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By: Jeremy Los


January 19, 2011 (Alpine)--The proposed 12th high school in Alpine continues to face hurdles as the push for its groundbreaking soldiers on. The latest obstacles facing the potential campus are the potential missed enrollment trigger as well as the prospect that the school will not service all the students in the area.


The biggest hurdle facing the building of this high school right now is clearing the enrollment trigger established by Prop. U. Without the necessary number of potential students, the plan for a much-needed high school in Alpine could implode.


Past studies used to find demographic information have raised fear that the enrollment “trigger” will not be met. Past demographic studies, like the Davis Demographics study, have only focused on the 91901 zip code in Alpine, though there are multiple other zip codes that make up the greater Alpine area.


“A demographics study was recommended by the BAC report 3-1/2 years ago; the only reports done have been ridiculously insufficient and even incorrect,” charges Chairman of the Alpine High School Community Coalition Bill Weaver. “The enrollment trigger should have been certified based on the state CBED number of Oct. 6, 2010. It still has not been clarified… something smells fishy here.”


Governing Board Vice President for the Grossmont Union High School District Dick Hoy said that information pertaining to the demographic and boundary studies should be in to the district by the February meeting.


If the enrollment threshold is met, the Board still must determine which areas of East County the school will actually serve.


Weaver states in an e-mail circulated on local list-serves, “At present, the planned 800 student campus will not be serving (in all likelihood) Blossom Valley... or even all of Alpine! Under previous understandings, we thought that the 800-student restriction would be adjusted upward. It appears plans are now to strictly adhere to only 800 students attending this new 12th high school.”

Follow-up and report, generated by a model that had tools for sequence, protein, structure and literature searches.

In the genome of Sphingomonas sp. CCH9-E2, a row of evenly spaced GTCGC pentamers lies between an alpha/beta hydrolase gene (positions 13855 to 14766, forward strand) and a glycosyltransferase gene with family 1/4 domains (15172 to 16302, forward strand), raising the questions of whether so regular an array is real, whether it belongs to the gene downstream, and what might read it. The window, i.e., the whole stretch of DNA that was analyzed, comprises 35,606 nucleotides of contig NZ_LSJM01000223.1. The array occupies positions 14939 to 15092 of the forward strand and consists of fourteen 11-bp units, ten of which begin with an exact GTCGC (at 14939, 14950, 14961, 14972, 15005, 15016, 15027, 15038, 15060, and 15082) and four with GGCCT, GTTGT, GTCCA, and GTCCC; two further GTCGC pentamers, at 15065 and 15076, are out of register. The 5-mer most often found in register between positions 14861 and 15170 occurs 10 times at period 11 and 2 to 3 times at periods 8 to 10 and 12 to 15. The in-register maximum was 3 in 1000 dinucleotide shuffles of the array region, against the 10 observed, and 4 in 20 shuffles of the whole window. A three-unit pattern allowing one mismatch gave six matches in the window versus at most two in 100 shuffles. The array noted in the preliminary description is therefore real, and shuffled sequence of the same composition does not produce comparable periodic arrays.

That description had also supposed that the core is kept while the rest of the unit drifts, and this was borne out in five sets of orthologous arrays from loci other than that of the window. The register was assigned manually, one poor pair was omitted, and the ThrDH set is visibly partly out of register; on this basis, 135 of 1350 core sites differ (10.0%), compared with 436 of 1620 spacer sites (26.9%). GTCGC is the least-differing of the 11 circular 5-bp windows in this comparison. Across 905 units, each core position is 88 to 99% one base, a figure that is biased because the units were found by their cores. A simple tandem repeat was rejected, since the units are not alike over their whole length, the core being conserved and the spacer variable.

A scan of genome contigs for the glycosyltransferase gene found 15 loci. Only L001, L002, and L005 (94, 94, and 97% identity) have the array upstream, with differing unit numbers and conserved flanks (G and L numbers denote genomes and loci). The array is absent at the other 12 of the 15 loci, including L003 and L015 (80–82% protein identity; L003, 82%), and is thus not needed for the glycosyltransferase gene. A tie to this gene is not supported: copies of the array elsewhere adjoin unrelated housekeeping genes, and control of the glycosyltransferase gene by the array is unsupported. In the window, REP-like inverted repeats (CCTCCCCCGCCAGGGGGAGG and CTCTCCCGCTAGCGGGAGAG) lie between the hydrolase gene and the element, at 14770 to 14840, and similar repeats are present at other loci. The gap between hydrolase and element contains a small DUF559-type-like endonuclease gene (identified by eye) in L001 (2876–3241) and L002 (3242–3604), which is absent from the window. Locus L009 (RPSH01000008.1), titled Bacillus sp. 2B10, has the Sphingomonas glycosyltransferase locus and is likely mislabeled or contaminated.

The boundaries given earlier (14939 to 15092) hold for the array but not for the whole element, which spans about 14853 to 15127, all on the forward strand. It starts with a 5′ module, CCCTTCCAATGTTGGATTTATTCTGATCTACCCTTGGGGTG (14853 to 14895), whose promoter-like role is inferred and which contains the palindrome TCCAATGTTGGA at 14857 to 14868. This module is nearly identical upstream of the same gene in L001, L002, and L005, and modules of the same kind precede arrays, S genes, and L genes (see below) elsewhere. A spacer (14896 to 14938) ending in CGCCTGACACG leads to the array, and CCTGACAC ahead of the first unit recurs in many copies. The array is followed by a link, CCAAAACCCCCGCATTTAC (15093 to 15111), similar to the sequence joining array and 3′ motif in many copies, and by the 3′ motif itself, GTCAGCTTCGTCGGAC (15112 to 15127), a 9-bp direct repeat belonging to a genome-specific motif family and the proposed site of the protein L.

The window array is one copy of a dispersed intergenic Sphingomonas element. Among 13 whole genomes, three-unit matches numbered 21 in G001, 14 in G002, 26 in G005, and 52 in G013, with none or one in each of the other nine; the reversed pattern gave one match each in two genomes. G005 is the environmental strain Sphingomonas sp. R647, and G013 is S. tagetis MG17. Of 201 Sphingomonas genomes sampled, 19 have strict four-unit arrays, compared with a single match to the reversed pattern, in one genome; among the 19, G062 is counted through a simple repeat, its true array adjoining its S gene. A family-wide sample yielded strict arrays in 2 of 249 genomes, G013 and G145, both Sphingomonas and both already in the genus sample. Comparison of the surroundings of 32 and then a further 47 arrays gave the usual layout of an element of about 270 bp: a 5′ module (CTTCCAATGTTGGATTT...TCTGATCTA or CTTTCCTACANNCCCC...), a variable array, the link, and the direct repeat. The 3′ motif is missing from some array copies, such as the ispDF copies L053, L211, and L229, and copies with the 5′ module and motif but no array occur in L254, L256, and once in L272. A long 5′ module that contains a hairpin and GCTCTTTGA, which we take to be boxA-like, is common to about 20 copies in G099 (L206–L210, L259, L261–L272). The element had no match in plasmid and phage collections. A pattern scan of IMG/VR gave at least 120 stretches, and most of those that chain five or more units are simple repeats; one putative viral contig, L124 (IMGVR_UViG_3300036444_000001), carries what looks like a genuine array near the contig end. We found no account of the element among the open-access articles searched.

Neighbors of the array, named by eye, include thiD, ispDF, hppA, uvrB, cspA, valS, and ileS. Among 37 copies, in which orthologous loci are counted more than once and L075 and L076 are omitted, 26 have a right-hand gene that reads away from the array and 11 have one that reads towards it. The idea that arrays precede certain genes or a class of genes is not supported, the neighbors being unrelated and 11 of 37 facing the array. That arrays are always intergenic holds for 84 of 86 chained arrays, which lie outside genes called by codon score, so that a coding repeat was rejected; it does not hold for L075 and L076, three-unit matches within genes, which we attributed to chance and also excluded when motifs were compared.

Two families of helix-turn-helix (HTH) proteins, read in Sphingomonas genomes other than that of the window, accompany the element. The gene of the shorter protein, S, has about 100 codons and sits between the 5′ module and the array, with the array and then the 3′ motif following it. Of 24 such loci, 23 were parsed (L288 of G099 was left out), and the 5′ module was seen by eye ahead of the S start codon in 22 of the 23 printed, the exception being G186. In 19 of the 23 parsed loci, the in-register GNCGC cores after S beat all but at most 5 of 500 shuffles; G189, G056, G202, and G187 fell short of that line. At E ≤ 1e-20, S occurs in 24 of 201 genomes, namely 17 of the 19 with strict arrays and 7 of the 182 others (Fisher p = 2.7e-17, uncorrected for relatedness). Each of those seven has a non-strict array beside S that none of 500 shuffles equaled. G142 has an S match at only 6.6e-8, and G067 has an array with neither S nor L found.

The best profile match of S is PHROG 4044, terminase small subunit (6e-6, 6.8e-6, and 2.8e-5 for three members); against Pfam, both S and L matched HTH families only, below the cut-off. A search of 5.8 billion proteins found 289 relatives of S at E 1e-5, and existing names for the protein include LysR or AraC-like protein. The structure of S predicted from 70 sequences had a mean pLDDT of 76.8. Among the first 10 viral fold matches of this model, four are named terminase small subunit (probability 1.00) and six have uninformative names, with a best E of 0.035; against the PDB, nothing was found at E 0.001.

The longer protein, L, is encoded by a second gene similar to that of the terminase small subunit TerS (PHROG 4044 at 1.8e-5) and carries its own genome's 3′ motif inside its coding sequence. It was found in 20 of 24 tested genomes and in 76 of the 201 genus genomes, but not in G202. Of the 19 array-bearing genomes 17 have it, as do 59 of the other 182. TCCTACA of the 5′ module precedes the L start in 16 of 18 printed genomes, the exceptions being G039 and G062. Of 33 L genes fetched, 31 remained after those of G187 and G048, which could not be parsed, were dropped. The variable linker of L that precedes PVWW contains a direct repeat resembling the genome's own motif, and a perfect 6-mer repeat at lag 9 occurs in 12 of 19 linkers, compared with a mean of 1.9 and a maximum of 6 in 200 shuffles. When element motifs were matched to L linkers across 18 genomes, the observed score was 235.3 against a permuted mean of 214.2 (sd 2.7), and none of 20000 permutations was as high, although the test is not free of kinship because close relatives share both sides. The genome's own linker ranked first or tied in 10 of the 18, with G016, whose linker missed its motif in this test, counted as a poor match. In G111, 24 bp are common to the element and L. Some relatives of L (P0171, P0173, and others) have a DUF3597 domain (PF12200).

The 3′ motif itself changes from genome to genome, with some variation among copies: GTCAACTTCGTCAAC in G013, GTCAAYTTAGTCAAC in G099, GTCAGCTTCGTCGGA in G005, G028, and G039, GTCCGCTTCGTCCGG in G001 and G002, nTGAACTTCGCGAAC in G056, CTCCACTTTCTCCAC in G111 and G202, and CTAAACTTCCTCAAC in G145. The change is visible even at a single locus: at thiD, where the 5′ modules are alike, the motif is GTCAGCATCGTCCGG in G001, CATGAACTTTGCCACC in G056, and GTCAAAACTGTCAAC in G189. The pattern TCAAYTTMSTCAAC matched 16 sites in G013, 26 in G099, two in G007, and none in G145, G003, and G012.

The Alpine High School Community Coalition, the group championing the school, was pushing for the school to service all of Alpine, Blossom Valley, Harbison Canyon, Crest, and Dehesa.


“The Grossmont Union High School District has dropped the ball on the 12th HS planning,” says Weaver. “A demographic study is not needed. Our two feeder schools, Los Coches Creek Middle School and Joan Mac Queen Middle School, demonstrate that at least 1500 students could populate the 12th high school.”


But Hoy observed, “It is still too early to tell what is going to happen, mainly because we have not got all the information back.” He added, “It is still possible to expand to Blossom Valley.”


Under the watchful eyes of the GUHSD and the AHSCC the proposed 12th high school will be on the chopping block these next few weeks. The many variables, community discourse and budget issues facing the District makes it seemingly impossible to predict what will happen come the February District meeting.

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